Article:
Task 6 (Letters 30-35)
1. Read the text and find in it the words and word combinations from this list, supply them with Russian equivalents.
Word List 6
to graduate with honours
a contest, contestant
to devote smth to doing smth
to change one’s mind
to be great fun
to be outraged
to stamp out
to write smth off and on
2. Remember the context in which they were used.
3. Answer the following questions:
1) How did Judy describe the weather in Letter 30?
2) Why did Judy advise Daddy-Long-Legs to read “Hamlet”?
3) What prize did Judy win and why did she write “And she a Sophomore!” in Letter 31?
4) What were Judy’s impressions of New York? Why did the girls go to the city?
5) Can you remember any funny and embarrassing episodes that happened to Judy during her visit to New York? Why did Julia start getting quite interested in her?
6) Why did Judy decide to return a fifty-dollar cheque?
7) Why did Judy call herself a thousand-legged worm in Letter 34? Do you think she really owed Daddy an apology?
8) How did Judy describe Field Day?
9) What was her attitude to “Jane Eyre”?
10) How did she compare the John Grier Home to Lowood school?
11) What quality should all people possess in Judy’s opinion? Why? Did she have this quality herself? (L 35)
12) Why do you think Judy chose such a style at the end of Letter 35? How would you characterize it?
4. Find the sentences in the text to prove that:
– Judy was a grateful person (if necessary you can use the material of the previous extracts as well);
– Judy was an objective person; she could see and appreciate positive qualities even in people she didn’t like very much;
– Judy had an inborn ability to become a writer.
5. Develop these ideas from Judy’s letters.
1. Speaking of classics, have you ever read “Hamlet”? If you haven’t, do it right off. It’s perfectly corking.
2. I’ve been hearing about Shakespeare all my life, but I had no idea he really wrote so well; I always suspected him of going largely on his reputation.
3. Mercy! Isn’t New York big? Do you mean to tell me that you actually live in all that confusion?
4. New York would rapidly undermine the fine stoical character which the John Grier Home so patiently built up.
5. I thought we were paying a social call, and started to shake hands, but it seems we were only buying hats…
6. …I say such funny things. I try hard not to, but they do pop out when I’m surprised and I’m surprised most of the time.
7. It’s a dizzying experience, Daddy, to pass eighteen years in the John Grier Home, and then suddenly to be plunged into the world.
8. I never used to care much for men – but I’m changing my mind. (L 32)
9. I am alone, really – with my back to the wall fighting the world – and I get sort of gaspy when I think about it.
10. Wait until you see the orphan asylum that I’m going to be the head of! It’s my favorite play at night before I go to sleep.
6. Comment on the following:
1) I can’t imagine any joy in life greater than sitting down in front of a mirror and buying any hat you chose without having first to consider the price.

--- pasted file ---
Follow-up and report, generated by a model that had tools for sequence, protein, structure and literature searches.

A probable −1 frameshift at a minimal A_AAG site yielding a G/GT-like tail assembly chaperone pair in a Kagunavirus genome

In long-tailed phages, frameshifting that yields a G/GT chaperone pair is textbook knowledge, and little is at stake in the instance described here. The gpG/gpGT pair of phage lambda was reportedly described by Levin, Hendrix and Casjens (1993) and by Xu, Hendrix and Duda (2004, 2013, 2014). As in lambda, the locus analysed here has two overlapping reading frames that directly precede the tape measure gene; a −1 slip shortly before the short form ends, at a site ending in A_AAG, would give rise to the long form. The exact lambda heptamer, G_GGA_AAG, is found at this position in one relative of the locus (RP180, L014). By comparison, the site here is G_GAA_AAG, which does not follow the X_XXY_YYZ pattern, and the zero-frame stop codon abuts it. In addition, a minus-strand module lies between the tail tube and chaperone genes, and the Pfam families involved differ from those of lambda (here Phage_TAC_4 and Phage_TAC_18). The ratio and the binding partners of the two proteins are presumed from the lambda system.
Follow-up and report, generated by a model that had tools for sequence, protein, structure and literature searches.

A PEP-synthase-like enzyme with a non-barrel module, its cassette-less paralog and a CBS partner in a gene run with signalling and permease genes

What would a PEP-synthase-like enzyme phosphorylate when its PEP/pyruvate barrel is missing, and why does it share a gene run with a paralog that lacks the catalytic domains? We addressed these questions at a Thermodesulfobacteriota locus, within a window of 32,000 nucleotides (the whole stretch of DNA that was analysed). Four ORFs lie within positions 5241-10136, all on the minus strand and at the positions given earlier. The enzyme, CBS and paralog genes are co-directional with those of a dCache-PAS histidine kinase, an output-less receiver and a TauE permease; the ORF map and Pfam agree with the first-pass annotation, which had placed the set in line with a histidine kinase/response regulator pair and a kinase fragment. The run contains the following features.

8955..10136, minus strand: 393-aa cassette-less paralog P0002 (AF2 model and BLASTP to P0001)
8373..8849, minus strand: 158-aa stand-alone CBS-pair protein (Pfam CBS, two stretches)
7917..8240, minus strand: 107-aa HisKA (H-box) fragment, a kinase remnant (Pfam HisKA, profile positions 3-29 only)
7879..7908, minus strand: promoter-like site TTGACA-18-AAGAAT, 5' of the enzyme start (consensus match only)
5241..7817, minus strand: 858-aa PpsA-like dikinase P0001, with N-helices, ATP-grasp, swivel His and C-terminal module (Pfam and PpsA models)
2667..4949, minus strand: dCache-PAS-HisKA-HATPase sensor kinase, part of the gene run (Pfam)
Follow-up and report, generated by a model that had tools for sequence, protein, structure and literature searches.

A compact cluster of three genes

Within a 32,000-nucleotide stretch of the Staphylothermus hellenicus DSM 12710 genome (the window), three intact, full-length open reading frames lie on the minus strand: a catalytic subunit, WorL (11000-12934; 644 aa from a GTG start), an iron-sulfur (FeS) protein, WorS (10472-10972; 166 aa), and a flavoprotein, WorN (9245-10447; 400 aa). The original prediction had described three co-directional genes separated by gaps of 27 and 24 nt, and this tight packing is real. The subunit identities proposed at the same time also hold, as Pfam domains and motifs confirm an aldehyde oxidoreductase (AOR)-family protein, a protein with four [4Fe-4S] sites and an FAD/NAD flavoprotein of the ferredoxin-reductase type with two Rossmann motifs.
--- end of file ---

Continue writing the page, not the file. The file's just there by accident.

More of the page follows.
2) I would rather not accept any more charity than I have to. I can’t accept any more money than I have to, because some day I shall be wanting to pay it back.
3) I don’t think children ought to know the meaning of the word “duty.” They ought to do everything from love.
4) I think that everyone, no matter how many troubles he may have, when he grows up, ought to have a happy childhood to look back upon.
5) Everybody likes a few surprises; it’s a perfectly natural human craving.
6) I think that the most necessary quality for any person to have is imagination. It makes people able to put themselves in other people’s places. It makes them kind and sympathetic and understanding. It ought to be cultivated in children.
7. Imagine that you are Julia and describe Judy’s impressions of New York shops, restaurants, theatres and the city itself to one of your friends (use Word List).
8. Act out a conversation between:
– Judy and Sallie coming back to college from their visit to New York;
– Julia and Sallie discussing Judy’s strange behavior during the trip to New York
9. Get ready to discuss the following:
What would you do if you had a chance to go to New York in 1910-1915? Nowadays?
10. Write an essay on one of the topics from Ex. 6.
Mr. Daddy-Long-Legs Smith,
SIR: Having completed the study of argumentation and the science of dividing a thesis into heads, I have decided to adopt the following form for letter-writing. It contains all necessary facts, but no unnecessary verbiage.
I. We had written examinations this week in:
II. A new dormitory is being built.
A. Its material is:
(a) red brick.
(b) grey stone.
B. Its capacity will be:
(a) one dean, five instructors.
(b) two hundred girls.
(c) one housekeeper, three cooks, twenty waitresses, twenty chambermaids.
III. We had junket for dessert tonight.
IV. I am writing a special topic upon the Sources of Shakespeare's Plays.
V. Lou McMahon slipped and fell this afternoon at basketball, and she:
A. Dislocated her shoulder.
B. Bruised her knee.
VI. I have a new hat trimmed with:
A. Blue velvet ribbon.
B. Two blue quills.
C. Three red pompoms.
VII. It is half past nine.
VIII. Good night.
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